.,The local pilot who died in a crash north of Tofino just before Christmas was a seasoned flier and longtime member of the Courtenay Airpark Association.
Hal (Heinz) Schulz, in his 70s, was a veteran pilot from Comox who took out his plane regularly from the Courtenay Airpark.
“He was probably our single most-active pilot. He flew almost every day,” said friend and fellow pilot Darwin Dzuba. “He’s also probably one of our longest-standing members.”
Dzuba, who serves on the Courtenay Airpark Association’s board of directors, and had his hangar next to Schulz’s, says Schulz was a member of the association and the local flying community for many years.
“I remember him telling me that when he first started flying out of the airpark, it was a gravel strip,” he said. “That was a while back.”
Schulz had been working on contract in an aircraft modified with oxygen for high altitudes, to collect air samples for the U.S. National Oceanic and Atmospheric Administration (NOAA) used for weather modeling.
“They use private pilots from all over North America to get air samples,” Dzuba said.
In recent years, Schulz also submitted aerial photos to the Comox Valley Record of events such as the annual herring run in the region.
“He was always very accommodating when it came to sharing photos with the paper,” said Record editor Terry Farrell. “First day of the herring run, he’d be in the office by noon with photos.
“The first time I met Hal was in 2014, during the huge flood we had in December of that year. He came by the office with his camera memory card full of photos showing aerial views of the flooded areas of Courtenay.”
Schulz had been flying Saturday, Dec. 21 and was due back around 1:30 p.m. but never arrived. Comox Valley RCMP were notified around 4 p.m. that he was missing. Police contacted several airports on Vancouver Island, but Schulz had not turned up at any of them.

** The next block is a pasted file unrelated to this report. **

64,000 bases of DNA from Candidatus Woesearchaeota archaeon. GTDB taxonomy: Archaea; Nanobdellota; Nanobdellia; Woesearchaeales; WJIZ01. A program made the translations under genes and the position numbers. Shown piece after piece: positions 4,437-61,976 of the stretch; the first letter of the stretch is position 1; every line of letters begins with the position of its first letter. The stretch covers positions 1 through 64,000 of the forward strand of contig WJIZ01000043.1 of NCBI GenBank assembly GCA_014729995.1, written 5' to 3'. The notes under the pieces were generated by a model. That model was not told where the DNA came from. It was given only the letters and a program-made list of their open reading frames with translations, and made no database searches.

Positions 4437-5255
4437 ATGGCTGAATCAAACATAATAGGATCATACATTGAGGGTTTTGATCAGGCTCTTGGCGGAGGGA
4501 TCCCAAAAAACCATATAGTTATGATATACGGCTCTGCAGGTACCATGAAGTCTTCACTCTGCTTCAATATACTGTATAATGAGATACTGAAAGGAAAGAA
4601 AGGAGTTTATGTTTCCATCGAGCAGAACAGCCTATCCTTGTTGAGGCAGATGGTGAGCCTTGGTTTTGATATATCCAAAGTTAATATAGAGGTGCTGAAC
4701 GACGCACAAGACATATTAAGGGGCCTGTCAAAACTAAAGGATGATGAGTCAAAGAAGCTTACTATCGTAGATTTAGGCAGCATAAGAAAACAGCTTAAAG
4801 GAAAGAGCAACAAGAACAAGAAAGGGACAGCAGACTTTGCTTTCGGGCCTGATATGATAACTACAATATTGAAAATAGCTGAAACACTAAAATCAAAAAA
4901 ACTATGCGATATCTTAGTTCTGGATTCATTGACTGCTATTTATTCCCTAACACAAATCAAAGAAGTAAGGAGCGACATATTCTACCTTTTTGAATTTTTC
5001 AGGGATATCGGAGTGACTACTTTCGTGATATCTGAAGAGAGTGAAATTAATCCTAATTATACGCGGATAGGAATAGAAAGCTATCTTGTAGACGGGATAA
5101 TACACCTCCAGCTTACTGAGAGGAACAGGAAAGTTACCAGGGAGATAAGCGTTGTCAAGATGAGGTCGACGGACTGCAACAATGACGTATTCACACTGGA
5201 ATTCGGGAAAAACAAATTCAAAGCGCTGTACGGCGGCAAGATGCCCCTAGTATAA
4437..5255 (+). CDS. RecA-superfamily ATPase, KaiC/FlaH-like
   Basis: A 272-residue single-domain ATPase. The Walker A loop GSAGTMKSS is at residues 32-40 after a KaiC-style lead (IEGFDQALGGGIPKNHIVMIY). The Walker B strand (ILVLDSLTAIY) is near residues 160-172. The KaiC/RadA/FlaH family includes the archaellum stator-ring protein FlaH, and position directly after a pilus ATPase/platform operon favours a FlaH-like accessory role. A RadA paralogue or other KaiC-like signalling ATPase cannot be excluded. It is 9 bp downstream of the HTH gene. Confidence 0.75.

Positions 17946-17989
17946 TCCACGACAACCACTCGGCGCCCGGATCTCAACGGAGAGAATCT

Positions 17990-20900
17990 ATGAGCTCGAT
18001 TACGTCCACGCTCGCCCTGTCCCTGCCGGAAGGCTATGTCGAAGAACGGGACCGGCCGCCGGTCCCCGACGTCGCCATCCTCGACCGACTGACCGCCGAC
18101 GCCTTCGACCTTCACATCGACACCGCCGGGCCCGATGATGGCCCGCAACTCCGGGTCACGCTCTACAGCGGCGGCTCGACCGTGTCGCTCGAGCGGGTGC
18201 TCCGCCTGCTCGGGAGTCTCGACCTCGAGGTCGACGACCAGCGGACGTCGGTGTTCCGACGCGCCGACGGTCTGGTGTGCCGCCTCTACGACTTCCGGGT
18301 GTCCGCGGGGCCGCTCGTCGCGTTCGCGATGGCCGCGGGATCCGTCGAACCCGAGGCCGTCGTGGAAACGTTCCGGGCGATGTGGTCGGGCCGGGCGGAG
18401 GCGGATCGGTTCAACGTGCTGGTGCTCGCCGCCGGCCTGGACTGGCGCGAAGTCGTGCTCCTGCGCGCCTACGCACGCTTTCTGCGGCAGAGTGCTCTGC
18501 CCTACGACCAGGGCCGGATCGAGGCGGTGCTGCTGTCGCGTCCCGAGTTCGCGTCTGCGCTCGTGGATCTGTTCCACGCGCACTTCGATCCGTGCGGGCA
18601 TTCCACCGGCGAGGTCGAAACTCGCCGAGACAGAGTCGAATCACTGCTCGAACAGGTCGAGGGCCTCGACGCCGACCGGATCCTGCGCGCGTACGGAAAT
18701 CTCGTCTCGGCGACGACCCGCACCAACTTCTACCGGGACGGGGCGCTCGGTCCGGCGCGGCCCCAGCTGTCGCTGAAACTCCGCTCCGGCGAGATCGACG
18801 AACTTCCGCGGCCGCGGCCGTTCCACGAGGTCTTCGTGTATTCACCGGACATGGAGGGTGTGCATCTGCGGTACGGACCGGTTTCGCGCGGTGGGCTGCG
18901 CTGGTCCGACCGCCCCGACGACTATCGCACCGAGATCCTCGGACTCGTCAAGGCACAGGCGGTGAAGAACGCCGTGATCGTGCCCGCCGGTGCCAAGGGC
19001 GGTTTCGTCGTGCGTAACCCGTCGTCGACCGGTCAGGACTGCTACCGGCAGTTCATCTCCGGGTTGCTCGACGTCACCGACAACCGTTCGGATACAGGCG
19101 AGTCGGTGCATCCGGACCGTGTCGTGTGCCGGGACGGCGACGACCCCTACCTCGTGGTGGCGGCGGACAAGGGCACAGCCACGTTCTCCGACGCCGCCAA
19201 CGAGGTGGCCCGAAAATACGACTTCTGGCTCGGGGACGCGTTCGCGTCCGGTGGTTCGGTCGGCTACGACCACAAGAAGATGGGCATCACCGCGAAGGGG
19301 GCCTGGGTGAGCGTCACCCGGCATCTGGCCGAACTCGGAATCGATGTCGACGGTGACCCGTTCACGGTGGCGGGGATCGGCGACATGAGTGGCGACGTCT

19 Wing Comox confirmed its search and rescue division was called in to help. SAR Tech members from 442 Squadron out of Comox arrived on a Cormorant helicopter at the site and a ground crew found the missing Cessna 172 shortly after 9 a.m. the following morning at Hot Springs Cove near Sydney Inlet Provincial Park.
The park lies northwest of Tofino.
Also on Dec. 22, the BC Coroners Office confirmed there was one fatality in the crash.
Dzuba had heard the wreckage from the crash was moved because of the remoteness of the site.
“Now we just need to wait for the Transportation Safety Board to do their investigation to determine the cause,” he said.
The Transportation Safety Board clarified it is the responsibility of insurers if any wreckage is moved from the site to conduct the investigation. The TSB will also have a team fly to the site as soon as possible, then determine the level of investigation.
“The first step was to recover the wreckage,” says TSB spokesperson Alex Fournier. “The next step is to decide what we’re going to do.”
(Note: This story has been edited since first posted to clarify the TSB’s and insurers’ roles in the investigation.)